Travis Haley and Haley Strategic have put together some thoughts about what they’ve learned shooting ARs chambered in 300 AAC Blackout over the course of this past year. In the end they make a solid case for the cartridge, but they seem to be leaving out some crucial information.
A new cartridge, 300 AAC Blackout or simply 300 BLK (and not 300 B.O. like in the video) was set in stone and given offical SAAMI specs just last year, but interest in it has spurred a lot of development for it in the shooting world. The cartridge uses a 5.56 NATO case that’s shortened and necked out to accept 7.62mm bullets and still fit in AR-15/M16/M4/STANAG magazines.
It is also designed to run out of shortened barrels, even shorter than the 14.5-inch M4 barrel. 300 BLK will close in on peak velocities with just 10- to 12-inch barrels, and will often reach 90 percent of maximum velocity with even shorter barrels. This makes it a great cartridge for short-barreled rifles and compact suppressed rifles.
So it’s clearly good for close-quarters engagements, and suppresses well, even when using supersonic loads. Haley shows us just how well it does at longer ranges.
After all that, who wouldn’t argue for a complete shift from 5.56 to 300 BLK? More power at all ranges, just with a less flat-shooting cartridge. And it smokes 5.56 NATO and 7.62x39mm alike, right?
Out of an SBR, yes, but out of full-size carbines and rifles, we’re a bit skeptical. In the video Haley says that 300 AAC Blackout is 17 percent more powerful than 7.62x39mm at the muzzle, which can only be possible if the barrel is cut down. Out of a service rifle, like an AK, 7.62x39mm is not marginally more energetic than 300 BLK. Depending on which loads you pick, 7.62x39mm can be more than 25 percent more energetic than 300 AAC Blackout.
It’s simply a matter of case capacity. The 7.62x39mm cartridge can hold 36 grains of water compared to 300 BLK’s 26. The only way 300 AAC Blackout is outperforming 7.62x39mm is if it’s being shot out of a cut-down barrel, such as the one Haley is using in the video. Under that circumstance, it’s natural that 300 BLK is the better cartridge, because it was designed to do well from an SBR where 7.62x39mm, at least with recent military ammunition, has been optimized for 16-inch barrels.
In the same way most 5.56 ammunition has been optimized for longer barrels, and like a lot of small, fast cartridges it suffers dramatically if it doesn’t have enough barrel to pick up steam. Some 5.56 NATO loads, like the new M855A1 EPR, can do very well out of the M4’s 14.5-inch barrel, but we doubt it would perform anything like what you can squeeze out of 300 BLK with a 9-inch barrel.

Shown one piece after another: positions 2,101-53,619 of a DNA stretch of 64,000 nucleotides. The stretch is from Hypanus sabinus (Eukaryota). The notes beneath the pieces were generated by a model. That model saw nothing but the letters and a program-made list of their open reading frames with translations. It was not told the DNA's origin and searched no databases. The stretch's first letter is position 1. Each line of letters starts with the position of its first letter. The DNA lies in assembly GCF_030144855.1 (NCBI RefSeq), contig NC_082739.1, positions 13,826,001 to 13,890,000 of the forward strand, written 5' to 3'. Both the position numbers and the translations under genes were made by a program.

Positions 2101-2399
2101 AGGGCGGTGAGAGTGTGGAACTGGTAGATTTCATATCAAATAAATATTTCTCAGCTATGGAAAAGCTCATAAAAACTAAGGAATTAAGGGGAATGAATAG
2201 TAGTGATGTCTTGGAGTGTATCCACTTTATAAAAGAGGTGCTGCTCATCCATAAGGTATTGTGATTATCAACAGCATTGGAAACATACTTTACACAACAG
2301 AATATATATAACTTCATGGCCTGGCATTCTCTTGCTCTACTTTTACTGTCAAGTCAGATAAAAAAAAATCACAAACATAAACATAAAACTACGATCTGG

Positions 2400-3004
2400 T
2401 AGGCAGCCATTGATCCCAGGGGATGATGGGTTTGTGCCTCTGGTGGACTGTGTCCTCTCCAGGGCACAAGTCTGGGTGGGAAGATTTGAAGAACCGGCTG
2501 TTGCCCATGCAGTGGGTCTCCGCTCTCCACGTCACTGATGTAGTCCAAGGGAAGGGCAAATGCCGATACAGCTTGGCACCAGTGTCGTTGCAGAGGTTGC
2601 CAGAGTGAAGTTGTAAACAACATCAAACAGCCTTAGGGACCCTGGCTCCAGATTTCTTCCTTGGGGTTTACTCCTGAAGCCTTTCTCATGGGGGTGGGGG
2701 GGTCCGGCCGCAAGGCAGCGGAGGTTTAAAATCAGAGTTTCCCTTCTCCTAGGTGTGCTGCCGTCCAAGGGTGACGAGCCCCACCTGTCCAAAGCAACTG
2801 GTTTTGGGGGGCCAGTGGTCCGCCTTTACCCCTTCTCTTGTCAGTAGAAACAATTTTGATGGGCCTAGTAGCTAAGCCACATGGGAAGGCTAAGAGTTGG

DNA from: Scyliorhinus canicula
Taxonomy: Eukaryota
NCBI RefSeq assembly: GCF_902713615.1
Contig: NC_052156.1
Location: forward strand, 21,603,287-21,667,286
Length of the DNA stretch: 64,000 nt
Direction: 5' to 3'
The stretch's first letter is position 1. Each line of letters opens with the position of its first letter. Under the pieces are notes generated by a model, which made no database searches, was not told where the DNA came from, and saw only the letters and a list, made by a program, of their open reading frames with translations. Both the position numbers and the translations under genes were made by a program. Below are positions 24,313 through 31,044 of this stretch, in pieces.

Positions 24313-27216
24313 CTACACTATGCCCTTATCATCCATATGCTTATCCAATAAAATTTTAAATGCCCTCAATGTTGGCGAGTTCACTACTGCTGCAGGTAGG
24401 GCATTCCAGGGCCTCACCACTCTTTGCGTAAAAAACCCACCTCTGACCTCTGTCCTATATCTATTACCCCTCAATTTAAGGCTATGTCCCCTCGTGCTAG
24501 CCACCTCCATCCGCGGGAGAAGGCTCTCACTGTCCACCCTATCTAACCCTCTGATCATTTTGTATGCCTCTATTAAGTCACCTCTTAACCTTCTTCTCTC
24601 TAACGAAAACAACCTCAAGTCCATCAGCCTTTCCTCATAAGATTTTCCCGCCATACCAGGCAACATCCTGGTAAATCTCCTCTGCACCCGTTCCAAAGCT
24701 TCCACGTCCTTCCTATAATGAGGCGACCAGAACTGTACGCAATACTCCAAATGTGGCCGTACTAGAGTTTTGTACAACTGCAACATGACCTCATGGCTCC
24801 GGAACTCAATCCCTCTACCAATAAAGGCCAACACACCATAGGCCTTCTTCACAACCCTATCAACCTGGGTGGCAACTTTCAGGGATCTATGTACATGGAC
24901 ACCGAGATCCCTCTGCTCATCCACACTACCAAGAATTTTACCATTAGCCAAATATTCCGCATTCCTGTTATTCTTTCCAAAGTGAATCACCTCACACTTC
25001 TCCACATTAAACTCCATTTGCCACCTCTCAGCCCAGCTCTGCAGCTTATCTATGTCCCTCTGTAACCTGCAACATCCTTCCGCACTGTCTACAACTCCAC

This is not to criticize 300 AAC Blackout. There really isn’t any other cartridge like it—go back to your corner, .300 Whisper—and it really whips other cartridges when used the way the Advanced Armament Corp. intended it, which is to say, with SBRs. No pistol caliber can come close for supersonic loads, and the ease of switching between subsonic and supersonic is unparalleled. No other intermediate caliber runs so cleanly with SBRs, without dramatic muzzle flash and noise, the way 300 BLK does.
It can also match 5.56 NATO in terms of energy with a shorter barrel. With it’s ballistically efficient bullets, it will retain more energy at longer distances than many 7.62×39 loads. But going to town on a steel plate at 750 yards with a red dot sight is a testament to Haley’s skill far more than it is to the cartridge’s performance. It’s either that or Haley is running some type of 300 AAC Blackout platform that we’ve never seen before capable of demonstrating a level of performance that’s demolishing all previously set standards, even those established by AAC.
“At 300 meters, 300 BLK has 16.7 percent more energy than 7.62x39mm. Max effective range, using M4 military standards for hit probability, is 440 meters for a 9 inch barrel, and 460 meters for a 16 inch barrel. 300 BLK from a 9 inch barrel has the same energy at the muzzle as a 14.5 inch barrel M4, and about 5% more energy at 440 meters—even though the barrel is much shorter.”
So while it can be about 17 percent more powerful than the Russian cartridge, you have to head a couple hundred yards downrange before 300 BLK begins to overtake 7.62x39mm. We have to be open to the possibility that Haley simply misspoke.
When it comes to short-barreled rifles, 300 AAC Blackout reigns supreme. It’s great up close and it holds its own with other popular and common cartridges. With the availability of subsonic ammo it’s more flexible than the vast majority of rifle cartridges, and it’s a .30 cal, which warms the heart. If you’re looking for something compact, go 300 BLK and don’t look back. But if you’re not, don’t throw out your 5.56 and 7.62 ARs and AKs just yet.
Photo credit Cheaper than Dirt.